Duncan Phyfe made chairs, sofas, tables, and other pieces that were renowned for excellence of workmanship and beauty of design. He is known especially for his use of mahogany, carefully chosen and handled to bring out the highest value of texture and color, but he also used other woods, including maple, rosewood, and black walnut.
Duncan Phyfe was an American cabinetmaker. He was born in Loch Fannich, Scotland, in 1768, a member of a family named Fife that emigrated to the United States in 1783 or 1784 and settled in or near Albany, N. Y. In the latter year Duncan was apprenticed to an Albany cabinetmaker. After completing his apprenticeship, he moved to New York, where the city directory of 1792 lists his joiner's shop at 2 Broad Street. He moved several times and finally settled in Partition Street (now Fulton Street). At the time of his marriage in 1793, he changed his name to Phyfe. At first he did business under his own name, but in 1837 the firm became Duncan Phyfe and Sons and from 1840 until his retirement in 1847, Duncan Phyfe and Son. As his business prospered, he bought nearby houses. Eventually he employed more than 100 journeymen. He died in New York City on August 16, 1854.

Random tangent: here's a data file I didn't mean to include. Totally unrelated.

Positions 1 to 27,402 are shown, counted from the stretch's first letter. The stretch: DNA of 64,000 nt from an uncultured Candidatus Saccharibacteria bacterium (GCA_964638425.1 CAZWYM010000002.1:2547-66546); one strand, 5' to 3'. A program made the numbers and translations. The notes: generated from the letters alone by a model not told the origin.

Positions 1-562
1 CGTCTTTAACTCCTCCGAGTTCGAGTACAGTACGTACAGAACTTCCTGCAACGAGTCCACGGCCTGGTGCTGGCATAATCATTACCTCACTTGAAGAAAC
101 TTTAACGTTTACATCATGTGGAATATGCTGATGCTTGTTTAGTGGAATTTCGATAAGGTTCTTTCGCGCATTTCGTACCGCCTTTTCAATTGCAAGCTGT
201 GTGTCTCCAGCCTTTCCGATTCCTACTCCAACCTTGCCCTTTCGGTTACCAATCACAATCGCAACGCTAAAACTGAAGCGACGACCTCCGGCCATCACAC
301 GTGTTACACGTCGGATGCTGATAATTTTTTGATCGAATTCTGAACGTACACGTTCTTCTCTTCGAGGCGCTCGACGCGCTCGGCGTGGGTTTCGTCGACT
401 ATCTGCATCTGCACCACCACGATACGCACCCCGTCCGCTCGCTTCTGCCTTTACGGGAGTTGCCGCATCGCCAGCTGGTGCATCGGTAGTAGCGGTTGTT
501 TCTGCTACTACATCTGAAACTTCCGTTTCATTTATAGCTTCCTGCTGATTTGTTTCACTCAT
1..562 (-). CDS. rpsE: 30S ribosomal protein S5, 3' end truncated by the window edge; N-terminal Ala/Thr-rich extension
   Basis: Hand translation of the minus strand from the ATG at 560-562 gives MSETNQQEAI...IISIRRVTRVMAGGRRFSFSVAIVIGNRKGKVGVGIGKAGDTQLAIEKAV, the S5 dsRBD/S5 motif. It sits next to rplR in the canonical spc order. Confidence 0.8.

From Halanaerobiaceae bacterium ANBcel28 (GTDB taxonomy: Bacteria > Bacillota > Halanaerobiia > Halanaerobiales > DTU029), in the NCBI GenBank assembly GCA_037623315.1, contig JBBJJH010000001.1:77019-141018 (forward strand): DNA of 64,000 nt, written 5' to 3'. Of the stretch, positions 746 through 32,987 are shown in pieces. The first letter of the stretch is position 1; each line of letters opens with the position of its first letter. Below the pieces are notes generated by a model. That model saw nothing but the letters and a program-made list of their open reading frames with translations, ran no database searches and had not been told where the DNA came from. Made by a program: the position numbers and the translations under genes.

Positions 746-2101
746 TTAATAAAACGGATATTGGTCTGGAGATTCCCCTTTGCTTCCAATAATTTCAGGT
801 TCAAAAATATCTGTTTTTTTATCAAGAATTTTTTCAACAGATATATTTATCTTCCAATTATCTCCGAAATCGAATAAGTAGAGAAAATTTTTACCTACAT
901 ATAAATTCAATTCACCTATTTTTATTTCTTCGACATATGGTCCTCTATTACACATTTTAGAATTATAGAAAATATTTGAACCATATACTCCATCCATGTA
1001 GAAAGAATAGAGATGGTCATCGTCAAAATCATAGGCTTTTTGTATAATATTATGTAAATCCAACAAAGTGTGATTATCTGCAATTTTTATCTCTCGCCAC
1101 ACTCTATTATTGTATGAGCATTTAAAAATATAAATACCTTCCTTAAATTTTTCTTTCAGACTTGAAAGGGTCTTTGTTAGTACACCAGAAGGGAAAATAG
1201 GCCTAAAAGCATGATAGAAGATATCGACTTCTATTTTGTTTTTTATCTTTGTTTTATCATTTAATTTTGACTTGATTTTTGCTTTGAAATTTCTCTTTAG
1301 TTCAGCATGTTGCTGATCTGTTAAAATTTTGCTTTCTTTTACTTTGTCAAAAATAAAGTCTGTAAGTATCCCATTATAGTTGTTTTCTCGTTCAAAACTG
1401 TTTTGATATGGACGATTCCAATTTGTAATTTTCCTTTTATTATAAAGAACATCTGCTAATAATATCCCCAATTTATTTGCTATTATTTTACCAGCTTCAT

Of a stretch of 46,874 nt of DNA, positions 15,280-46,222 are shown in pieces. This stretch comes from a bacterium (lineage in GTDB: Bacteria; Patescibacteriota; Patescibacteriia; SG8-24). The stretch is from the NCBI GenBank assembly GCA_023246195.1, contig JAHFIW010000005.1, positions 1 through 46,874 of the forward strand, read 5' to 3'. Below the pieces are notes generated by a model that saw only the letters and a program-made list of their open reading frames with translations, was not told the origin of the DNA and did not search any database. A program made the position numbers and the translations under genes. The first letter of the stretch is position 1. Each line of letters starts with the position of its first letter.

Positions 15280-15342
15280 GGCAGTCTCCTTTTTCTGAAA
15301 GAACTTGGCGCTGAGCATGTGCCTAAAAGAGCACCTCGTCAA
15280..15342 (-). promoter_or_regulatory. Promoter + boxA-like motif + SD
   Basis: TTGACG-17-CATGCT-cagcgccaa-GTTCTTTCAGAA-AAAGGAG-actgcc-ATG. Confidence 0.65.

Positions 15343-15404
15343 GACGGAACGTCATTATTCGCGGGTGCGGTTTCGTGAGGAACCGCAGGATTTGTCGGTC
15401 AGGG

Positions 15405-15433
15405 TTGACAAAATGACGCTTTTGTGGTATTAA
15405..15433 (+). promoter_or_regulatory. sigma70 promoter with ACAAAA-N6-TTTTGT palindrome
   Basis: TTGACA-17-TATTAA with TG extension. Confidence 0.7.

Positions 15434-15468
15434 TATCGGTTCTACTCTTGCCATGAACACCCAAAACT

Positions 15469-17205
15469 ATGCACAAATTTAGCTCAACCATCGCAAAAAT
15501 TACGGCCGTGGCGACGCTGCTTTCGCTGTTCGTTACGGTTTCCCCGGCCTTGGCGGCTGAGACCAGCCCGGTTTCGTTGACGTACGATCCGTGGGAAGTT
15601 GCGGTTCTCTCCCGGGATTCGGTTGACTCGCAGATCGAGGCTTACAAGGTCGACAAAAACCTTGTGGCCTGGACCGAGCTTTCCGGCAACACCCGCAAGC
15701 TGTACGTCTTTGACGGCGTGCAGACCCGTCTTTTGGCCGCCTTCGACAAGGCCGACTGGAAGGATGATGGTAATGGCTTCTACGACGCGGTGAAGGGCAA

Phyfe's early work shows his indebtedness to Hepplewhite, Adam, and Sheraton. Later he seems to have been more strongly influenced by the Directoire and Empire styles. But Phyfe was never a mere copyist. His fame as perhaps America's greatest cabinetmaker rests on the beauty and excellence of his own style, which was characterized by slender lines and delicate but firm carving. The lyre motif commonly associated with him appears in chair backs and table bases. Although he designed furniture in the popular American Empire style, he considered it inferior. His finest pieces were made before 1825.